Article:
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Source — Penal Reform International

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Kenya: gender-sensitive approach to non-custodial sentences

“Going to prison would have been a big problem as I have lots of people who depend on me.” “My granddaughter, who I take care of, became pregnant when I was in custody and has now left school, and I am blamed for this.”

The emotional, social and economic consequences of imprisonment experienced by women, even for short periods, are acute and enduring. They extend to their families, and in particular their children.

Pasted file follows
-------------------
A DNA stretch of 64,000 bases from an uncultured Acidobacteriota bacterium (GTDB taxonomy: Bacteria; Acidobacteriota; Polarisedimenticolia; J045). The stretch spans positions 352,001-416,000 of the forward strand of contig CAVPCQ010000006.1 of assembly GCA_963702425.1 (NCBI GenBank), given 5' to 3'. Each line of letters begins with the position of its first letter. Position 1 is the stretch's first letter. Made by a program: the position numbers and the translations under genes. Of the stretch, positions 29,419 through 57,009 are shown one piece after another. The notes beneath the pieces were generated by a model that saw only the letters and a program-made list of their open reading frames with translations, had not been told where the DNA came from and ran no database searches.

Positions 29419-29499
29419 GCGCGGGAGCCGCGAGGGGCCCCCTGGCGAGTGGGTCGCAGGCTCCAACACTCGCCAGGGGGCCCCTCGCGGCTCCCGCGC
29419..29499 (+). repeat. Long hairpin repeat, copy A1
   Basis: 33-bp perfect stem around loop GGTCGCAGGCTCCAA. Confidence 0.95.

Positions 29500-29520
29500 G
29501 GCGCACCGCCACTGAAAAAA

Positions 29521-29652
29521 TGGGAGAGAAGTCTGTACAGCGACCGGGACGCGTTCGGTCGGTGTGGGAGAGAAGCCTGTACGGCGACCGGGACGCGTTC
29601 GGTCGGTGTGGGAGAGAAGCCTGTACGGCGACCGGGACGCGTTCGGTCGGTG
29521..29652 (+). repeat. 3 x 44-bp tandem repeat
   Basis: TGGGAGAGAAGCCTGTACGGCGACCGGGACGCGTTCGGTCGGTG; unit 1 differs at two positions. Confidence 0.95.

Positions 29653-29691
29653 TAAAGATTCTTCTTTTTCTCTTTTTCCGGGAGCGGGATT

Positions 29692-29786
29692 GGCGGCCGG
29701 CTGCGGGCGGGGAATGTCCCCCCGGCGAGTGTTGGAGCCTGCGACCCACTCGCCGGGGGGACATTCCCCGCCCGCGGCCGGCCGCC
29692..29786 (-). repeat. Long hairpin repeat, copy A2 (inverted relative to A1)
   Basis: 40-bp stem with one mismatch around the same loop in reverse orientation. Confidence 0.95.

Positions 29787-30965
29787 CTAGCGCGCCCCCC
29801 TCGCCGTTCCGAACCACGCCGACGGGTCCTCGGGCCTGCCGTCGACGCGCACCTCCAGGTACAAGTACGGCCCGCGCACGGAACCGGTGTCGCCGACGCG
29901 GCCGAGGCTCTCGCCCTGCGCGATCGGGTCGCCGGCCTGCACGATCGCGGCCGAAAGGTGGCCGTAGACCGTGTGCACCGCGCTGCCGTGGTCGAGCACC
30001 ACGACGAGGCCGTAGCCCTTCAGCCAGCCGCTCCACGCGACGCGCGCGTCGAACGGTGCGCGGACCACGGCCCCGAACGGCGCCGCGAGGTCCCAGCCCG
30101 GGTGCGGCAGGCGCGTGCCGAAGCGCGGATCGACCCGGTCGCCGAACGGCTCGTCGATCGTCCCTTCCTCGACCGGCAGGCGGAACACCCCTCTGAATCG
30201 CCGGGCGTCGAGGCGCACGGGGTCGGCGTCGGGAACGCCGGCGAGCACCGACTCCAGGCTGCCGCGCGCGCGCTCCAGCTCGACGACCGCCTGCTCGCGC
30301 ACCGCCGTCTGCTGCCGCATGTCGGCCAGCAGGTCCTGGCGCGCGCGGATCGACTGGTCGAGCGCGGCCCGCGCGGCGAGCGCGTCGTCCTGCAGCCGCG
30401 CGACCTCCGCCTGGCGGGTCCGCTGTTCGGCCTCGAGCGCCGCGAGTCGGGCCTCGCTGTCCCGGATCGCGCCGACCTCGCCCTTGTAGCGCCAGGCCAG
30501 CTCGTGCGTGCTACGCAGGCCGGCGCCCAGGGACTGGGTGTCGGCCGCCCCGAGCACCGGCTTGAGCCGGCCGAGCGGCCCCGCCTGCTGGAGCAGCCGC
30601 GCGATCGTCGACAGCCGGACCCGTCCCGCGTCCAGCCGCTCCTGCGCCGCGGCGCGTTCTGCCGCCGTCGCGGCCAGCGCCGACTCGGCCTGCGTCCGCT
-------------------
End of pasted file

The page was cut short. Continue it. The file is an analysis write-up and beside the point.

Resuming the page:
Typically, women are convicted of petty crimes closely linked to poverty, and gender-sensitive alternatives therefore carry a huge potential to avoid imprisonment.

However, non-custodial sentences globally have been almost exclusively created for men, by men, and the differing needs and experiences of women completing these sentences have been largely overlooked.

To address this gap, since 2015, Penal Reform International has been conducting a pioneering, multifaceted project which focuses on the experiences of women completing non-custodial sentences – specifically community service orders and probation orders – in Kenya, and the investigation of how to best adopt a gender-sensitive approach. The project was devised and implemented as a partnership with the Kenya Probation and Aftercare Service (KPAS), and funded by the Thailand Institute of Justice (TIJ).

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